Ever seen these signs? There's a reason why they don't want you walking on the lawn after application. These chemicals are highly toxic!



A person has to only walk down the gardening aisle in Home Depot or any other large chain store to see how chemicals dominate our gardening practices. I found that I could smell the gardening section from 20 to 30 feet away! Many people have heard that organics is important or that chemical fertilizers/pesticides are bad for the environment or their health, but don't really know why. The choice to use chemicals has a far greater impact than your own backyard.

First off, let's take a look at chemical fertilizers/pesticides. These chemicals put the gardener in charge of the feeding cycle. You control how much nitrogen, potassium, and phosphorous your plant gets, along with micro-nutrients. Chemicals offer you an arsenal of weapons against pests and weeds. You can grow big plants and get immediate results. If you have poor or depleted soil, these fertilizers can help in compensating for deficiencies. They are easy to find and cheap to use.

So what are the disadvantages?

Chemical fertilizers and other ~cides contain salts. Remember back to high school science where you learned about the process of osmosis? It's the movement of water through a cell membrane from a solution of low solute concentration to a solution with high solute concentration. So where is the water in the soil located? It's locked up in the cells of these microbes. When salts in the form of chemical inputs are added to the soil, the water is drawn out of the microbes and they are either killed or go into a dormant state. Now the plant is dependent on you to provide all of its food and protection. That's why you have to fertilize on a regular basis.

Pesticides also have non-target organism effects. So in addition to killing off the infestation or problem bug, it's also going to kill off other beneficial insects and micro-biology in the soil that are the plant's natural defense system. With these beneficial critters gone, typically it's the pathogens that are the first ones back into the sterile environment and a cycle of spraying becomes established that is hard to break.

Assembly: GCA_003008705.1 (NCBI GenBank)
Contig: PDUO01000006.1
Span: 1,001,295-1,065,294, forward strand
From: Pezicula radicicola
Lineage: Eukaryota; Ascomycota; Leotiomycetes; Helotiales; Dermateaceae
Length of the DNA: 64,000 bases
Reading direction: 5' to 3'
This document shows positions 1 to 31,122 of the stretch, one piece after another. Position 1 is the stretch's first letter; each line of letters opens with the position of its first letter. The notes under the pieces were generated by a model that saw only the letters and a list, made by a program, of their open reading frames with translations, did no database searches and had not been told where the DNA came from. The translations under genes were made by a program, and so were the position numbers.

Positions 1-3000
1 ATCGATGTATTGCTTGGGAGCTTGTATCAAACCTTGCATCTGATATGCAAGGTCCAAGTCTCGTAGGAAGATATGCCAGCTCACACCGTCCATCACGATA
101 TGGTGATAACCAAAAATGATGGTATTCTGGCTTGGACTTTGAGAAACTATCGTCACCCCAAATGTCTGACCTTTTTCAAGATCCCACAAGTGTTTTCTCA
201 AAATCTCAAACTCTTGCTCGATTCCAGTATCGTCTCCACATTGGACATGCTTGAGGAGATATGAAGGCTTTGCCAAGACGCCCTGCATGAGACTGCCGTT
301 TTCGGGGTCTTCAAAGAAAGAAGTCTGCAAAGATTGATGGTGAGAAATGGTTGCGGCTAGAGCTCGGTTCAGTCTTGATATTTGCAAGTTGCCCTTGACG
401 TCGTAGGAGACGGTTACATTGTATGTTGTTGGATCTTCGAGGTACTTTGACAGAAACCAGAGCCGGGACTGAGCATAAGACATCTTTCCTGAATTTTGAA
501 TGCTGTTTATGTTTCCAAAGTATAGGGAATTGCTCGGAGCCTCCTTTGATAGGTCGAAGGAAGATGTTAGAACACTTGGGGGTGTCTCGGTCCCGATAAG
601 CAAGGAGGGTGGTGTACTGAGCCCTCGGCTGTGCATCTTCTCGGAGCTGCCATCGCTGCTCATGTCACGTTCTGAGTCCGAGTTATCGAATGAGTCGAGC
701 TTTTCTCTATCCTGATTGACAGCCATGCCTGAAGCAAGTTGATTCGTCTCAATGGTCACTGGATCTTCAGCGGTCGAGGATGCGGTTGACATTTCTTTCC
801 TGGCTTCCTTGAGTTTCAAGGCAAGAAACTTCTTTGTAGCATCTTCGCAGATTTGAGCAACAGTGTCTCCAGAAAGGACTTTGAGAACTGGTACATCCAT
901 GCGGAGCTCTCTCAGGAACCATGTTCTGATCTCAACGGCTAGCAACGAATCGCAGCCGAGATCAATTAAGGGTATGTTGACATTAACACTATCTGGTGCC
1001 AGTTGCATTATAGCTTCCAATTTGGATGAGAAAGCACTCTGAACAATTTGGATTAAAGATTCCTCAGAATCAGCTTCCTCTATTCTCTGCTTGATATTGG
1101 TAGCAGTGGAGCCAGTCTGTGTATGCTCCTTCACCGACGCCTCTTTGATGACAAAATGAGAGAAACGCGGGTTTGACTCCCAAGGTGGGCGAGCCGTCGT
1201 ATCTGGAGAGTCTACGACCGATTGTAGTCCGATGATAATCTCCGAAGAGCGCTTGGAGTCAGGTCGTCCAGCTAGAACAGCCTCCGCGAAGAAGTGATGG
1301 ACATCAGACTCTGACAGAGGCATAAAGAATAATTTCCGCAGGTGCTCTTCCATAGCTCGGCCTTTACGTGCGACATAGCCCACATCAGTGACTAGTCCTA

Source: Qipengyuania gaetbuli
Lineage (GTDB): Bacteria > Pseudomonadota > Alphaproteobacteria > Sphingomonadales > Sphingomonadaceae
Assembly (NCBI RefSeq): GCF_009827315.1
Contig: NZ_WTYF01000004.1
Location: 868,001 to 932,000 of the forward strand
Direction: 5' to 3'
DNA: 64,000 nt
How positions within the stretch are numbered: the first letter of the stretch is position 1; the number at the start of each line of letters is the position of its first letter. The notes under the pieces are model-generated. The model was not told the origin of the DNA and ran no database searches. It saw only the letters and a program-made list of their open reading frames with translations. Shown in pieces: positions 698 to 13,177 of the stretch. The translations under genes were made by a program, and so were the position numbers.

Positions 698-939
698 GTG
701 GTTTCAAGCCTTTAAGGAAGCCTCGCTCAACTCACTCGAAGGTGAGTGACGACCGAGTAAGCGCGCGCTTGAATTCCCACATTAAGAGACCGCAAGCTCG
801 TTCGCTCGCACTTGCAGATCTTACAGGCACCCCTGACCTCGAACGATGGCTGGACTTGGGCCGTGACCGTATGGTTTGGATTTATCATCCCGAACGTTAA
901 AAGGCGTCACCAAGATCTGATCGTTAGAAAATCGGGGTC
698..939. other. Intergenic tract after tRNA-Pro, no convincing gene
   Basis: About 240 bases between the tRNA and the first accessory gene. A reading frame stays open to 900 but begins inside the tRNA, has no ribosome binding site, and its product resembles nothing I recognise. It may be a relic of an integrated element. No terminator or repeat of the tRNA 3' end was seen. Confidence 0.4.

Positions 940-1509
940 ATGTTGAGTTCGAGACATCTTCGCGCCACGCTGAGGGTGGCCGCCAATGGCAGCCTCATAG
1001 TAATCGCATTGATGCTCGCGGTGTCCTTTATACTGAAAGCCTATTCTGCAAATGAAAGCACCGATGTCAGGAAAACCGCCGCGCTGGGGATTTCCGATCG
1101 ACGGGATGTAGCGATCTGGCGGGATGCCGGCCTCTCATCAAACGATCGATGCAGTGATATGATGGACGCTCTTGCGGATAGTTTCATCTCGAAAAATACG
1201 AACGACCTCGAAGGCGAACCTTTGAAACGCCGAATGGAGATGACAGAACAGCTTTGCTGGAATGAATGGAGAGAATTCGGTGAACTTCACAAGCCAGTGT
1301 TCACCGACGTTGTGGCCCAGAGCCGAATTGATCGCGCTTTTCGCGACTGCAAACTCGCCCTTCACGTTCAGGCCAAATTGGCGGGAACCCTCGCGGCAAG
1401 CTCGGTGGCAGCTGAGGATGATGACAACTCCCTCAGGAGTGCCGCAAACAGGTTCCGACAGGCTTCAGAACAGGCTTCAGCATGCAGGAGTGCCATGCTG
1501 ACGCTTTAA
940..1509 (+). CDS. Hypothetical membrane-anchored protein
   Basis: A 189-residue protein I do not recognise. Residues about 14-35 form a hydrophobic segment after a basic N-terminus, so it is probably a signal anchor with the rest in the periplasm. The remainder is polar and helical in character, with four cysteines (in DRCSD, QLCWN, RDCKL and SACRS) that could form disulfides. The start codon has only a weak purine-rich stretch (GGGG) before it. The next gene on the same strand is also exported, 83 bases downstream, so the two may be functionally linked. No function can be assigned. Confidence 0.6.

Some recent studies have also shown that organically grown produce contains higher nurtrition levels and sugar levels (brix), than conventionally grown produce.

And where are all the unused chemicals going that aren't used by the plant? Well, they leach through the soil and into our groundwater, contaminating streams, lakes, and oceans, as well as our drinking water. We now have "dead zones," where algal blooms have occurred due to the high nitrates in the water from checmical fertilizers. This robs the water of it's dissolved oxygen, and marine life literally suffocates from lack of oxygen.

marine deal zones

dead fish dead fish


In King County, WA (Seattle area) 100% of all the streams and lakes sampled contain pesticides. 23 pesticides were detected. 5 of these exceeded limits set by the National Academy of Sciences


Each year, American homeowners apply at least 90 million pounds of pesticides to their lawns and gardens, according to the Toxics Action Center in Boston

The EPA's studies found that rats exposed to the most common lawn chemical, 2,4-D, in utero, showed an increased incidence of skeletal abnormalities such as extra ribs and malformed ribcages. In rabbits, 2,4-D and its diethanolamine salt caused abortion, skeletal abnormalities as well as developmental neurotoxicity and endocrine disruption. Even though many lawn chemicals are legal and widely available, that doesn't equal "safe".

According to the US Fish and Wildlife Services, Americans use up to 10 times more chemical pesticides per acre on their lawns than farmers use on their crops.



Children absorb greater concentrations of poisons.

They track poisons into their home from their own lawns.

Children then play on unwashed floors with unwashed hands.

Young children can't read warnings.

Children have less developed immune systems which means less resistance to poisons.

Small doses of neurotoxins can impair learning.

Rapid cell growth makes cellular mutation quicker, and more vulnerable to cancer.

These are just some of the issues with using chemicals in our gardening practices, the list is by no means comprehensive. Check out the other sections on the site to learn about more responsible and healthy ways of gardening.

Click here to read an interview about the effects of glyphosate (Roundup) on the soil.